I made my big, scary, indefinite move overseas knowing that if the UK BJJ community was anything like Australia’s – it would provide a great deal of support, friendship and maybe even a surrogate family.
We all have that special connection to our home club. It’s the place where solid friendships and even relationships are forged, and where we record so many milestones in our Jiu Jitsu (and overall fitness) journeys…
“On the 7th September, our gym in Chippendale was destroyed by a criminal act of arson. It was our home. As a show of support and family spirit we continued our training in the park the following day.”
An Australian Elite Team grading is the stuff of legend. Among the BJJ crew I mix with, anyway.
Ninos doesn’t tell a student when they’re about to grade – he tells everyone else. The class begins as usual, but sometime midway through a demonstration he or she whose time it is will suddenly be pounced on by a pre selected student – a collective roar will go up, accompanied by the thunderous sound of bare feet and hands, slapping and stomping the mat in encouragement.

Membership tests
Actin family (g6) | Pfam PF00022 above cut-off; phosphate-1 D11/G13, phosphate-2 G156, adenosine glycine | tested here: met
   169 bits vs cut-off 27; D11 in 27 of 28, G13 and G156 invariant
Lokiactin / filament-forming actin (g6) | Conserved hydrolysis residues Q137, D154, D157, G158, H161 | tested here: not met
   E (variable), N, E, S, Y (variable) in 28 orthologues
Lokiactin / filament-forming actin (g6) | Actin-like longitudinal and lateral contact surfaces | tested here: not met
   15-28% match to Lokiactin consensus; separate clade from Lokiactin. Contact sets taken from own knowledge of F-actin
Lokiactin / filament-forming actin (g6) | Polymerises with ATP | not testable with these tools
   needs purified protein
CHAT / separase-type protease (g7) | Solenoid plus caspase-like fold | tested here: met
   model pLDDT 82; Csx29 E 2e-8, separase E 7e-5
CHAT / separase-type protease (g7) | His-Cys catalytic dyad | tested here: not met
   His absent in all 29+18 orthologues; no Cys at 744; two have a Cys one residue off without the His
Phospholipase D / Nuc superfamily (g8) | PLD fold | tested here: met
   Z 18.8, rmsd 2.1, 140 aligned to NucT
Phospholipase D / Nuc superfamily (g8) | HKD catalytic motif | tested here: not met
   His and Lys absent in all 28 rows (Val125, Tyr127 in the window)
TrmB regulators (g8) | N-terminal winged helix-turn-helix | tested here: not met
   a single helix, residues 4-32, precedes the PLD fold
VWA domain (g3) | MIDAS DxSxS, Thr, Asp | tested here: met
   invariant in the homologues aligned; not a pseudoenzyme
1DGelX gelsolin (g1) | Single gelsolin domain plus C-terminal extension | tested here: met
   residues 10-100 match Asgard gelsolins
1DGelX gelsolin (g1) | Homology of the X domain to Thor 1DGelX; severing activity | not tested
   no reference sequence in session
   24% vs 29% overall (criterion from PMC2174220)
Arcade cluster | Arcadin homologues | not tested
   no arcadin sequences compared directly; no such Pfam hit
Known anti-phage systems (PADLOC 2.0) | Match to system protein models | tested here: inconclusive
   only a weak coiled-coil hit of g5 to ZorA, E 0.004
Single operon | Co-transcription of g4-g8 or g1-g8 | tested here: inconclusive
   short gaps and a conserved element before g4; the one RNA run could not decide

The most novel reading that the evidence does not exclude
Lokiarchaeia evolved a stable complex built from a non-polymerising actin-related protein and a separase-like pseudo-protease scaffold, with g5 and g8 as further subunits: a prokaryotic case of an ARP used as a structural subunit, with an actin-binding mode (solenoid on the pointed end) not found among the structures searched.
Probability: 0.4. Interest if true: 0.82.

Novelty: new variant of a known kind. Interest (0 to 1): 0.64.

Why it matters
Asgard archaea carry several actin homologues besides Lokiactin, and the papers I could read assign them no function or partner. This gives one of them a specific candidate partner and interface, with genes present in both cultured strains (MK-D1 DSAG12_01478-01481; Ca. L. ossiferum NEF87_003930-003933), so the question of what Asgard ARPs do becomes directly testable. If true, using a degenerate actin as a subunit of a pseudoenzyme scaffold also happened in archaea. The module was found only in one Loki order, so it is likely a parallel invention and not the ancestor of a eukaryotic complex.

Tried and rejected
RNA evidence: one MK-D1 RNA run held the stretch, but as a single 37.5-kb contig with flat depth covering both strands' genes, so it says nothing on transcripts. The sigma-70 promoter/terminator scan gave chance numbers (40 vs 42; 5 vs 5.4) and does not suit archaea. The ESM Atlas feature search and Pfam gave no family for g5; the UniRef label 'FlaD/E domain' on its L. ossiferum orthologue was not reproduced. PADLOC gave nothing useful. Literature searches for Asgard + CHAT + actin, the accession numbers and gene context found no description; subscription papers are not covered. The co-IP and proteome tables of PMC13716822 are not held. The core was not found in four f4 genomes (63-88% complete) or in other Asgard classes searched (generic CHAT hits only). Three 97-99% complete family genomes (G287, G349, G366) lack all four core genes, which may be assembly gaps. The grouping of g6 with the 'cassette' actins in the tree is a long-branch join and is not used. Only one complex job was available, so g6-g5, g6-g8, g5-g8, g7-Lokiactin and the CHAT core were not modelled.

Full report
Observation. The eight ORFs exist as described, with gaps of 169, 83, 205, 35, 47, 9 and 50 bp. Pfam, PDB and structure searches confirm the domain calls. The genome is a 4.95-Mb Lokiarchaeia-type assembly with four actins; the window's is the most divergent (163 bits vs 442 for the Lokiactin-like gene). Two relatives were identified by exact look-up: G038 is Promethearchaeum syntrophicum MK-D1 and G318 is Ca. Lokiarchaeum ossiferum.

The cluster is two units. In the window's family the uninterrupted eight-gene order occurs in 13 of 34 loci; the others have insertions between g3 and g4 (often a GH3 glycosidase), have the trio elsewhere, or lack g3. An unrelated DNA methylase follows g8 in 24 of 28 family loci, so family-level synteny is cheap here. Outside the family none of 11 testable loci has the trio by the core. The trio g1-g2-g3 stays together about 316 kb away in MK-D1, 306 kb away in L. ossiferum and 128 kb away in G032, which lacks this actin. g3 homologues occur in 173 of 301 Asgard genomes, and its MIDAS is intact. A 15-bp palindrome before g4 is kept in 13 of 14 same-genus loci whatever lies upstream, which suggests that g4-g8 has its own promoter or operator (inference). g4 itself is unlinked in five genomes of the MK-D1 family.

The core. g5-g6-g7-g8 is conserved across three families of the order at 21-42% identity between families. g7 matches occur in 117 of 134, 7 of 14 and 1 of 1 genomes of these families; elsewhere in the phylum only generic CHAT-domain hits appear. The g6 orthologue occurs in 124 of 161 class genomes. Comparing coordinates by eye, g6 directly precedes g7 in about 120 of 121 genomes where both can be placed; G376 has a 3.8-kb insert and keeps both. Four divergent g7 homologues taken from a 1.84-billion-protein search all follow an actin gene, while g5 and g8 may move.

“The chosen one” quickly realises it’s time to put up their biggest fight yet and gets to work, while Ninos regally makes his way through the crowd of students selecting the next opponents.
On the battles go, until everyone has rolled with the suffering student. The most senior team members give him or her a hard time before it’s Ninos’ turn.
The crowd again roars as the head of AET shows how it’s done, and when he decides they’ve fought hard enough, a submission is applied which signals the grading is complete.
I was hoping to witness this and the hardcore belt whipping that follows before I left, and last weekend I was able to.
AET held an open day at the new headquarters; a bigger warehouse than the old digs, kitted out with arguably one of the biggest mat spaces in the country (and even then training can still feel crowded).
Around 300 people came – mostly grapplers and their family members from affiliates, but also rival club members, to show their support.
Three students graded, two to purple and one to blue.
Poor Dany dislocated his knee halfway through, but he continued on with all the moves he was able to do.
The line up at the end for belt whipping was pretty epic – whites and blues the full length of the mat with a second line needed for purple, brown and black belts.
Some really heartfelt speeches followed, then it was barbecue and open training time!
I got to hang with a gorgeous bunch of jits girls, and received some tips from one, Emily – to get more comfortable on my neck/shoulders and in situations where I’m being stacked. (“bring your knees into your chest, people forget they have another joint between their neck and legs!”)
I’m gonna miss these kids.
– How do your club gradings work?! Do you like the surprise approach?